Poplarville’s ordinance book confounds city employees

Published 7:00 am Saturday, August 5, 2017

The Poplarville Board of Aldermen had a unique task put before them last month; revamping the city’s ordinance books that often befuddle the Poplarville Police Department.

During a meeting held last month, Police Chief Butch Raby laid out the department’s large ordinance book on the aldermen’s desk, flipping through hundreds of pages that were not properly indexed, and many of which were severely outdated.

While the bulk of the city’s ordinances were updated in the 90s, others are much older.

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“There’s stuff in here from 1905,” Raby said, including an ordinance that says residents should honk twice on their way into town, and once on their way out.

Other pages are filled with Board minutes and ordinances dating back to the early 20th century, many of them handwritten and illegible.

Board Attorney Nick Thompson had the documents scanned, for what appears to be the first time in city history. While some of the more recent ordinances are posted on the city’s website, the rest could only be found in these large binders, City Clerk Jane O’Neal said.

The scanned book, in total, amounts to 390 pages of material.

Among ordinances mandating the prevention of sheep and hogs running at large, one ordinance, which is barely legible and dated to 1905, states a railcar cannot block traffic for more than five minutes. On the same page, the Board banned willful disturbance of a person or family by using explosives, specifically gunpowder.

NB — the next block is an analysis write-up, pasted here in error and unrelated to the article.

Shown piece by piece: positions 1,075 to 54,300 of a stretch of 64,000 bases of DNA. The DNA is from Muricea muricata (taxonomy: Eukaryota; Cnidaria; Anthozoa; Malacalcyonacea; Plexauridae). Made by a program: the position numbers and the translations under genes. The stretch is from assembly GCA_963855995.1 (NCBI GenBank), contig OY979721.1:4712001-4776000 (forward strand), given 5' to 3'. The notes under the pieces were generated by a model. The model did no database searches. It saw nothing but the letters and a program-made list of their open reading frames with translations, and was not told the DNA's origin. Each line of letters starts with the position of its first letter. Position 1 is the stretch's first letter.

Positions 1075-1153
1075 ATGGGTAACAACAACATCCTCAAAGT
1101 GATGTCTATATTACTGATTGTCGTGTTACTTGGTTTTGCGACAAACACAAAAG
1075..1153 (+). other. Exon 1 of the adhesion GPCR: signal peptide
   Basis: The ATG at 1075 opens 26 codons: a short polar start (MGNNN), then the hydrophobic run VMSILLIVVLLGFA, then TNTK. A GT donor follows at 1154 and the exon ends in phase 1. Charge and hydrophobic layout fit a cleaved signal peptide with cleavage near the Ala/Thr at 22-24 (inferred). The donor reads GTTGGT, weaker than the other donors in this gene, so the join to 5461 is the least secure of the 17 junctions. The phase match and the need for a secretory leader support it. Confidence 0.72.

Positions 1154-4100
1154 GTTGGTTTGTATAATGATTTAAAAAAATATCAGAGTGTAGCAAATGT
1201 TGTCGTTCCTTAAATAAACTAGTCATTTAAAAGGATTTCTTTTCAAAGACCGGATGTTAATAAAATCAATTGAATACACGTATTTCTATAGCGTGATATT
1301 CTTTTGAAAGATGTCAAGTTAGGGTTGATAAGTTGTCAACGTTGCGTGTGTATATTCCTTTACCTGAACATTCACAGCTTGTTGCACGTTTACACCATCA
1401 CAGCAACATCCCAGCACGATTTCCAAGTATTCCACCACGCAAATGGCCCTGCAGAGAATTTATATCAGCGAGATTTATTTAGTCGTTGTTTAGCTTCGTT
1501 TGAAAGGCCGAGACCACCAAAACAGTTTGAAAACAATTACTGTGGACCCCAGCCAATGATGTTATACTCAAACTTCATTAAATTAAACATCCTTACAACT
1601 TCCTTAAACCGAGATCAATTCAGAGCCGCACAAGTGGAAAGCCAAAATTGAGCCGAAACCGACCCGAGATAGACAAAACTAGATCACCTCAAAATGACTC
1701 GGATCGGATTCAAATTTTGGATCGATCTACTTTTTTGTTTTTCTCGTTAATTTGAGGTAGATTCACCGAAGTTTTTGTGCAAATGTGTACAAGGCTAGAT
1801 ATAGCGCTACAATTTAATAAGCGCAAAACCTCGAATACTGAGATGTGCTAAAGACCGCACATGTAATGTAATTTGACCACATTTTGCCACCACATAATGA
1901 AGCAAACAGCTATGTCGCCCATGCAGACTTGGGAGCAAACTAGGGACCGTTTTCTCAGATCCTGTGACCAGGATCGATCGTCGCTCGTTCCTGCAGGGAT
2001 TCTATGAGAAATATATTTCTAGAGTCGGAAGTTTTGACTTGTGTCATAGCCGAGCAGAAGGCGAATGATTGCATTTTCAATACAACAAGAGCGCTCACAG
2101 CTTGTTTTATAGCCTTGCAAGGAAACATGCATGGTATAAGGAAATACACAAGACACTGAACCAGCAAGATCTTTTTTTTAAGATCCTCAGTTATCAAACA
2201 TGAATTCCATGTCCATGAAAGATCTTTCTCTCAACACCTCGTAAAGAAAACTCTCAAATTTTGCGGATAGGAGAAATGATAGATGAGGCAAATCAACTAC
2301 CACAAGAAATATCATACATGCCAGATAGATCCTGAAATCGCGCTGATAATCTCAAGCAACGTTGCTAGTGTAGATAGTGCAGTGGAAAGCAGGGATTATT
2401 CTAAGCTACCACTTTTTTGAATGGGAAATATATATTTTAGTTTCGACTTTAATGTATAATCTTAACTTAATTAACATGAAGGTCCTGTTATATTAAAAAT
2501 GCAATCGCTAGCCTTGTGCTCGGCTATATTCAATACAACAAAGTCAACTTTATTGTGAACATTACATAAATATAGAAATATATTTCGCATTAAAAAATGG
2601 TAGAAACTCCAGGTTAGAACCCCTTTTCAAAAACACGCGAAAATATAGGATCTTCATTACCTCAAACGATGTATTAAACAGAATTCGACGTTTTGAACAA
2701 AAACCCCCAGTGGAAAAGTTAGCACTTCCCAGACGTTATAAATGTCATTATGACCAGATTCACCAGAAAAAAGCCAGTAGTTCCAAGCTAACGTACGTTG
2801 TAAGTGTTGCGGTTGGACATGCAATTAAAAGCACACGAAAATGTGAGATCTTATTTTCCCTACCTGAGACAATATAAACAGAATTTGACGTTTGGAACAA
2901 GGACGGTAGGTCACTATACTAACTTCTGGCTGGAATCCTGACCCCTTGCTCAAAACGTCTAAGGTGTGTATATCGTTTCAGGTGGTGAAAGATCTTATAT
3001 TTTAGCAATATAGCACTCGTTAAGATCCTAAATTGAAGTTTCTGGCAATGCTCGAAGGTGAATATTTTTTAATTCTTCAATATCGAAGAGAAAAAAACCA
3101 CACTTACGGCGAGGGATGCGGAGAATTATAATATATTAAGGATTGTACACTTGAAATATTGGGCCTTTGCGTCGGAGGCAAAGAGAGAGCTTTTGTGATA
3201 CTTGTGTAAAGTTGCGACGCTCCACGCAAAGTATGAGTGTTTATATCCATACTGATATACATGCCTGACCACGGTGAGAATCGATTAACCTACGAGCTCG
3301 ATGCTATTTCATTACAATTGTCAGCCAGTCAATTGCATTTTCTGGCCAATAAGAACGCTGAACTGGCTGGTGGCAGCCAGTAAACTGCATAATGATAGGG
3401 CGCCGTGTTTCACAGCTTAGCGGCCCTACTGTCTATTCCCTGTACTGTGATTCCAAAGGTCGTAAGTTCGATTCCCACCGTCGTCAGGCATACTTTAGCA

In a list of concealed deadly weapons prohibited under a 1905 ordinance, a slingshot was listed in addition to other deadly weapons like a kitchen knife and brass knuckles.

Some pages aren’t even dated, including one ordinance that appears to have been using a typewriter which states all “pool rooms” must be closed between 10 p.m. and 9 a.m., punishable by a fine between $10 and $100.

A 1907 fine for littering was set at $2.50 for each offense.

In 1912, the Board prohibited any vehicles from traveling over or through the ditches on either side of Main Street. That next year, the Board passed ordinances mandating a 10 mile per hour speed limit in the city as well as prohibiting anyone under the age of 18 from driving.

The inconsistency and unorganized nature of the book can cause more practical problems for the police department, like how to deal with fruit vendors on the side of the highway, Raby said.

Vendors are supposed to have a permit from City Hall, but Raby said one old ordinance states it’s unlawful to sell or vend fruit unless the seller is a farmer selling his own crops.

“We can’t enforce these,” Raby said. “We need to get in the 21st century…this is a joke, but we need to look at it from a legality standpoint too.”

City Clerk Jane O’Neal said the ordinances need to be reviewed and placed in a bound book.

Thompson said they should also be made available online for easy public access.

Mayor Rossie Creel suggested all Board members review the documents and pull out ordinances which are outdated or need to be removed.

The Board members were each given a scanned copy of the document to sort through. It planned to meet again and hold workshops on the issue in September after the city’s budget has been set.

About Julia Arenstam

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